Now comes word that the birthplace of so many LeSabres could sprout manufacturing jobs in the near future — 2,000 of them. Great news for Michigan’s automotive workforce and Flint’s coffers, but the plan won’t get off the ground without the Postal Service’s approval.
Volkswagen seems to be feeling pretty good about itself today. After announcing pre-orders for the ID.3 hatchback, the first vehicle from VW’s new electric sub-brand, the company reported it was already having issues coping with demand. Within 24 hours, the automaker said it had received more than 10,000 reservations throughout Europe, creating some extra work for its IT department.
“Sometimes, the IT systems are unable to handle the large number of users accessing the system at the same time,” VW said in a release. “This leads to long waiting times and interruptions in the registration process in some markets. Volkswagen is working hard to eliminate the hitches. Nevertheless, more than 10,000 registrations were received throughout Europe during the first 24 hours.”
While it sounds phenomenal, as the company repeatedly noted ID.3 demand is already exceeding expectations, it’s nowhere near Tesla territory. But the American firm is somewhat of an outlier with an almost miraculous ability to get the public excited about new product and a longer history of EV manufacturing. By comparison, VW is still testing the waters — even though it has already agreed to preform a cannonball by 2025 and sell 1 million connected, zero-emission vehicles every year.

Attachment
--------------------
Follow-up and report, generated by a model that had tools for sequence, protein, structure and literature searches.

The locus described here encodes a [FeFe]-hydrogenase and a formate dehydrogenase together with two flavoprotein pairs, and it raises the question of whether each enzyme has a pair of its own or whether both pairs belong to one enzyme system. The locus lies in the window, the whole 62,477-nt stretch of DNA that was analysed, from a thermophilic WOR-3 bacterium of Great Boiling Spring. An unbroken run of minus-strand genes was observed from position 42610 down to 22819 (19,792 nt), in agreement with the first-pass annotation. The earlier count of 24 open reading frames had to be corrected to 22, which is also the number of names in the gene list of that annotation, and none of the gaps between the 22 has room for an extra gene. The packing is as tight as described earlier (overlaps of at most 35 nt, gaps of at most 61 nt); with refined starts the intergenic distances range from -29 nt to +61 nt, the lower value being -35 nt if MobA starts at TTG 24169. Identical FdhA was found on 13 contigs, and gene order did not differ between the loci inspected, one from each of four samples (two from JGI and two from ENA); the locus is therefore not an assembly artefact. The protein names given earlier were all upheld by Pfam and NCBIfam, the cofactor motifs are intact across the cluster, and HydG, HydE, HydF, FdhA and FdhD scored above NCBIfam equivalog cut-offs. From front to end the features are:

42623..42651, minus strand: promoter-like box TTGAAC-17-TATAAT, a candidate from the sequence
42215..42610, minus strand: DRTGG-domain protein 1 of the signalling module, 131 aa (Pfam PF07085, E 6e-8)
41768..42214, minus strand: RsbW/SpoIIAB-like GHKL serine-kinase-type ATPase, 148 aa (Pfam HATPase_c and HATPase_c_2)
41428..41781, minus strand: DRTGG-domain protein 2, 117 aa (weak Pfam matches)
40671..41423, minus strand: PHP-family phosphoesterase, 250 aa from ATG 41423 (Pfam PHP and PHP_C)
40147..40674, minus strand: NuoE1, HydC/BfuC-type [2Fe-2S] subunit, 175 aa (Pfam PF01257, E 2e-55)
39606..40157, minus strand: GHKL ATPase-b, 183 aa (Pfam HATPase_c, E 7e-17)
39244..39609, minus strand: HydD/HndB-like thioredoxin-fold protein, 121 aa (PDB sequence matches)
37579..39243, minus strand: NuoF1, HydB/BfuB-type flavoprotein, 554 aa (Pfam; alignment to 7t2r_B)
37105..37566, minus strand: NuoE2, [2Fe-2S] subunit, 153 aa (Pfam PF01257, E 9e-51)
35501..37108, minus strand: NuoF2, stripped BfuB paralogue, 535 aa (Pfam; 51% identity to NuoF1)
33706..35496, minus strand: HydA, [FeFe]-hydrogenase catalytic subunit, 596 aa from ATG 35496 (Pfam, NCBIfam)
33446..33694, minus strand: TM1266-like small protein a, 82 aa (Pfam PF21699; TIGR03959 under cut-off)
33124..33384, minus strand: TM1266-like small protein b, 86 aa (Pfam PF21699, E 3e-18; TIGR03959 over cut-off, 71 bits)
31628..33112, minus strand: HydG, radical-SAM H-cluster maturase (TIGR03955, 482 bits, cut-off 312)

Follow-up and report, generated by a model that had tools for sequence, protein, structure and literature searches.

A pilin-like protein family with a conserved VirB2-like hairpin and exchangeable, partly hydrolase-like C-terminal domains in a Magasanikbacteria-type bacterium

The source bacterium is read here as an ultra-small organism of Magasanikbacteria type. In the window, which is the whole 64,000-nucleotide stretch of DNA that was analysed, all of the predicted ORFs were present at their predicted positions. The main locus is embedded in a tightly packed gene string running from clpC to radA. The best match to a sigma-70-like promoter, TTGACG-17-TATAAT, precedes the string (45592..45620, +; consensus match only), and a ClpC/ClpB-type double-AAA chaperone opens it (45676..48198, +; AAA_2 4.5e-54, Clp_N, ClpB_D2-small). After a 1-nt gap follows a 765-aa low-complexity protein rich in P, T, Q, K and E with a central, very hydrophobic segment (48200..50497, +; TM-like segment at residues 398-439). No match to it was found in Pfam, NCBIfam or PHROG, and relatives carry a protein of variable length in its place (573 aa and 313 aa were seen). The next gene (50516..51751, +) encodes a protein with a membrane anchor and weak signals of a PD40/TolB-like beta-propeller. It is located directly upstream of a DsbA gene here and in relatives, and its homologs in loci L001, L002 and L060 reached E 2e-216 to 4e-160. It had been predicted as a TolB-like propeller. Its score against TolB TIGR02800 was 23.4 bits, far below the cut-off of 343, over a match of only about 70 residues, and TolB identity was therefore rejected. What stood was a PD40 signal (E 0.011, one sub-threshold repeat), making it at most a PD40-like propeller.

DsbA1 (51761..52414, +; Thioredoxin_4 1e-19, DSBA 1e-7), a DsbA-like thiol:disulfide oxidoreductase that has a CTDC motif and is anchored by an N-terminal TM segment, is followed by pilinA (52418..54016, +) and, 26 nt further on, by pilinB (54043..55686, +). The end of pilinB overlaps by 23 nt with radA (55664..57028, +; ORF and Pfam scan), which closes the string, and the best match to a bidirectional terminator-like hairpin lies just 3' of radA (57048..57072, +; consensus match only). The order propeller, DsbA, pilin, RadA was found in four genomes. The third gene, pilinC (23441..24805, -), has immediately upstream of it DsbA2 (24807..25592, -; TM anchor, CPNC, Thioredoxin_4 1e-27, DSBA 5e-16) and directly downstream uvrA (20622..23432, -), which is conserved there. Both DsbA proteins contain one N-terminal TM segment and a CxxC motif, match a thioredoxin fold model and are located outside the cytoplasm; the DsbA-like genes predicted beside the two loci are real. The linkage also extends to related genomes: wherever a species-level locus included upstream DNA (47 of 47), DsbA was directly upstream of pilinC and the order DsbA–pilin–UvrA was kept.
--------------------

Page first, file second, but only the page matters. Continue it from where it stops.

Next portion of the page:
Brits have now been grappling with their Brexit situation for what now seems like an interminable amount of time, with no shortage of digital ink and political hot air spilled about the subject.
Looking past all the posturing, however, a disorderly departure from the EU could contain serious ramifications for companies making products in Britain, and fancy-pants Aston Martin has initiated a contingency plan to handle a “no deal” Brexit. Prepping for a worst-case scenario, the company is stockpiling cars in … Germany.
While General Motors is busy “unallocating” some of its plants, Fiat Chrysler is opening a new one. How’s that for optics?
The company will reportedly convert an existing facility, the so-called Mack Avenue Engine II plant, one which began making small V6 engines in the year 2000 but was idled about five years ago. This new vehicle assembly plant is slated to make the three-row Grand Cherokee.
By a wide margin, the most important automotive-related news this week has been General Motors’ impending closure of five manufacturing facilities across North America. Accompanying the closures are losses of thousands of jobs and the discontinuation of six passenger car models over the next year or so.
Who’s to blame here?
While the current-generation BMW 2 Series isn’t ready for the grave, the company intends to put its next incarnation into assembly by 2021. That’s ages away for a consumer but precious little time for an automaker to make production decisions.